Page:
Lucille Watahomigie

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Lucille Watahomigie (born 1945 in Valentine, Arizona[1]) is a Hualapai educator and linguist and native speaker of the Hualapai language. After receiving her bachelor's degree in elementary education from Northern Arizona University, she returned to the Hualapai community of Peach Springs and became a teacher at the Peach Springs School. She went on to receive her master's degree at the University of Arizona, where she then worked as a professor for three years before returning to the Hualapai Nation in 1975 to found the Hualapai bilingual and bicultural education program in response to community demand.[2][3] In 1982, she co-authored the first full reference grammar of her language, "Hualapai Reference Grammar", as well as a dictionary, and was instrumental in developing a practical orthography for Hualapai. In 1987, she founded the American Indian Language Development Institute at the University of Arizona, resulting in the linguistic training of many indigenous language educators and promoting the development and revitalization of native languages in Arizona and throughout the country.[1] Thew AILDI was the inspiration for the Canadian Indigenous Languages and Literacy Development Institute (CILLDE) which was formed in 1999.[4][5][6][7] She has also taught at the institute since its inception and continues to teach there on a regular basis. Some of her other published works include "Spirit Mountain: A Yuman Anthology", of which she was an editor, as well as works on bilingual education, ethnobotany, education, linguistics and language revitalization.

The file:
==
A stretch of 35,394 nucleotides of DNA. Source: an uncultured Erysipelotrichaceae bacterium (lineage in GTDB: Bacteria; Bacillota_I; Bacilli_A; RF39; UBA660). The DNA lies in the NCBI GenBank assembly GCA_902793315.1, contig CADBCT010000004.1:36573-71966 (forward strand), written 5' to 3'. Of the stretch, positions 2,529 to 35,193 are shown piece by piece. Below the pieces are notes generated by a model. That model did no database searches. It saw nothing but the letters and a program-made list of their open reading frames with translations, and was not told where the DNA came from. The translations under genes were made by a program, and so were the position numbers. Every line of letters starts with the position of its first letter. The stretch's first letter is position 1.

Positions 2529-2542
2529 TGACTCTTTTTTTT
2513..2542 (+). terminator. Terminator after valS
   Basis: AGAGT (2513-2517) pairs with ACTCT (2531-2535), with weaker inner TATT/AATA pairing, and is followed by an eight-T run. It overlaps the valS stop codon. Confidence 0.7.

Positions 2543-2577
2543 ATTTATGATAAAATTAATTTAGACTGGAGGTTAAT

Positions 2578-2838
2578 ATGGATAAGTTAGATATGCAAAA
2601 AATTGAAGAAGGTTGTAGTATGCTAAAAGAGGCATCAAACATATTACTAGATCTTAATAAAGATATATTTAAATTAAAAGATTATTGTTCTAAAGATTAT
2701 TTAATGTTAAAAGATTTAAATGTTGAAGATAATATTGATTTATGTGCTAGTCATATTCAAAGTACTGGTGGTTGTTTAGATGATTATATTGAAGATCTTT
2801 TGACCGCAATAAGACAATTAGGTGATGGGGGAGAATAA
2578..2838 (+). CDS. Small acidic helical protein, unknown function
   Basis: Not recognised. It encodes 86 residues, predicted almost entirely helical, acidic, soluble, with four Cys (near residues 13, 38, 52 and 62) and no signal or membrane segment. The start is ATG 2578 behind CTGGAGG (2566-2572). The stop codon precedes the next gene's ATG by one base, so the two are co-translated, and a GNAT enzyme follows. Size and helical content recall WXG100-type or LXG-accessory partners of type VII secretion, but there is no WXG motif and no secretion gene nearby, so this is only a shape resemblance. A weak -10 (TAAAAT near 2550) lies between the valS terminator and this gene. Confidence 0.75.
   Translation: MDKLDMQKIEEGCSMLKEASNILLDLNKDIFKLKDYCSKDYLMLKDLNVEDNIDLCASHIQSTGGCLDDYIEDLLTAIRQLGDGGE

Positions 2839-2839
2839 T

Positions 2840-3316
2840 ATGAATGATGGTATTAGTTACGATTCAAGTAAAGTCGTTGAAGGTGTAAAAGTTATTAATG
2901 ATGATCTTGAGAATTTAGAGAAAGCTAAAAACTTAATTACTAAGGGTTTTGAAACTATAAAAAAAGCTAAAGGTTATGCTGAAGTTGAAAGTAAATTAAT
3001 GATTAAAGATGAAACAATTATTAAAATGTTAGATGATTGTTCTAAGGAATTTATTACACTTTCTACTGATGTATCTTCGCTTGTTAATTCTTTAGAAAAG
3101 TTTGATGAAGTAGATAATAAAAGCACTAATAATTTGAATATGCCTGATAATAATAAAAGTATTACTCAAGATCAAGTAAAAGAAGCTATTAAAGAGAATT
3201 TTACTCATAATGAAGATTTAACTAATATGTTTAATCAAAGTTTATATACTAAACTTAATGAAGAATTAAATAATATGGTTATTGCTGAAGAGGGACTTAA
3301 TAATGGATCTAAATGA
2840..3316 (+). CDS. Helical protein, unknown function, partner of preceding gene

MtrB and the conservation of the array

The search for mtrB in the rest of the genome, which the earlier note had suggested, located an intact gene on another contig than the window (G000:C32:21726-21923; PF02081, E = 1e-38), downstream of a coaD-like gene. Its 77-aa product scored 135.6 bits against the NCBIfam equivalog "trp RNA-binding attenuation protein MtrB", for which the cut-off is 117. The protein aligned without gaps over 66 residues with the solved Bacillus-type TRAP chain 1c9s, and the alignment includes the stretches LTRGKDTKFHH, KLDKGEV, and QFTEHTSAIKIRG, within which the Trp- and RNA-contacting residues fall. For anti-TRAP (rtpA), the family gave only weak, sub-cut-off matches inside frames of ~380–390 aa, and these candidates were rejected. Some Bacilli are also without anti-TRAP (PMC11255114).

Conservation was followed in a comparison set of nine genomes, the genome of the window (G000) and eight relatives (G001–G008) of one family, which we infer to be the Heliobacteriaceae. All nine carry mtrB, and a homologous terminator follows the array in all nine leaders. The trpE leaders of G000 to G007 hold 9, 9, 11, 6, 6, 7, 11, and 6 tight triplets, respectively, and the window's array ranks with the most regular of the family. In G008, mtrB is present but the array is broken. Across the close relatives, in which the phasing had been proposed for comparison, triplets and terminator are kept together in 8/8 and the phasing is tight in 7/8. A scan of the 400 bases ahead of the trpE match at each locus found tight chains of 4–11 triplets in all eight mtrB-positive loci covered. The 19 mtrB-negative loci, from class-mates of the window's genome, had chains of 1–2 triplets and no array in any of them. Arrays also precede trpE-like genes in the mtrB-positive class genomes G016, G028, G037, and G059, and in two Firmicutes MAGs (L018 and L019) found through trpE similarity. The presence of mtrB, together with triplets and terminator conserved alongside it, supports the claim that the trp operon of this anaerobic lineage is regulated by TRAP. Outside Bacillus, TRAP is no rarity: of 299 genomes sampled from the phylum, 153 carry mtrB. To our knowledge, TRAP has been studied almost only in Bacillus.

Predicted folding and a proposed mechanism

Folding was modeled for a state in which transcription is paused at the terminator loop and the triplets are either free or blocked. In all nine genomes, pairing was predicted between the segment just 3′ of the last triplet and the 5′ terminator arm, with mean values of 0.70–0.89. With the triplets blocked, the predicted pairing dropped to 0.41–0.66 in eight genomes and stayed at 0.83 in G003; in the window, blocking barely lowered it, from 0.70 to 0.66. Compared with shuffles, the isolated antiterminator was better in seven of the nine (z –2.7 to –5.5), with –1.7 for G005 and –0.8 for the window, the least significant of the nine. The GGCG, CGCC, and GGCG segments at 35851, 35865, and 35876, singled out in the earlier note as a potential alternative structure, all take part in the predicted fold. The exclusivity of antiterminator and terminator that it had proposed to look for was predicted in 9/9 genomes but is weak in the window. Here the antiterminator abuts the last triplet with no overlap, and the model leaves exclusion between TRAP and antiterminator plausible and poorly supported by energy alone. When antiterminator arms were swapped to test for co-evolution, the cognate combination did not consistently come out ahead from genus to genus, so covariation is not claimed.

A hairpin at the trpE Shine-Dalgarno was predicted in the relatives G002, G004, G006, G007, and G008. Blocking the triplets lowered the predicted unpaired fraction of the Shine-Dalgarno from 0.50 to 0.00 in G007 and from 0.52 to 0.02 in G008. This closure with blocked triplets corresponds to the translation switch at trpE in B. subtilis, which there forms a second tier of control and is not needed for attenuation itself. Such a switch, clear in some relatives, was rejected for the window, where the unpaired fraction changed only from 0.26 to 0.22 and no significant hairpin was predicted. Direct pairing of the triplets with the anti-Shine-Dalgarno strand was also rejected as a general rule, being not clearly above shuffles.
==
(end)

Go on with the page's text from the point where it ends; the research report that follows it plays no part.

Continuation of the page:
1. ^ a b Lucille Watahomigie. Women's Plaza of Honor - Women Honored, The University of Arizona
  2. ^ McVeigh, Kerry (January 11, 1981). "Hualapai students learn to read and write their native language" (Reprint). Kingman Daily Miner. Kingman, Arizona: Western News&Info, Inc. pp. 8–9. Retrieved July 29, 2012. 
  3. ^ Nancy H. Hornberger (1997). Indigenous Literacies in the Americas: Language Planning from the Bottom Up. Walter de Gruyter. pp. 95–. ISBN 978-3-11-015217-3. Retrieved 29 July 2012. 
  4. ^ Blair, Heather A.; Paskemin, Donna; Laderoute, Barbara (June 2002). Resource development: Preparing Indigenous language advocates, teachers, and researchers (PDF). Stabilizing Indigenous Languages symposium. Preparing Indigenous Language Advocates, Teachers, and Researchers in Western Canada. Bozeman, MT. 
  5. ^ Blair, Heather A.; Paskemin, Donna; Laderoute, Barbara (2003), "Preparing Indigenous language advocates, teachers, and researchers" (PDF), Northern Arizona University, Nurturing Native Languages, Flagstaff, Arizona 
  6. ^ "CIILDI homepage: Context", University of Alberta, Edmonton, Alberta, 2002, retrieved July 5, 2016 
  7. ^ Cope, Lida, ed. (June 3, 2014). Applied Linguists Needed: Cross-disciplinary Networking in Endangered Language Contexts. Routledge. p. 136. 

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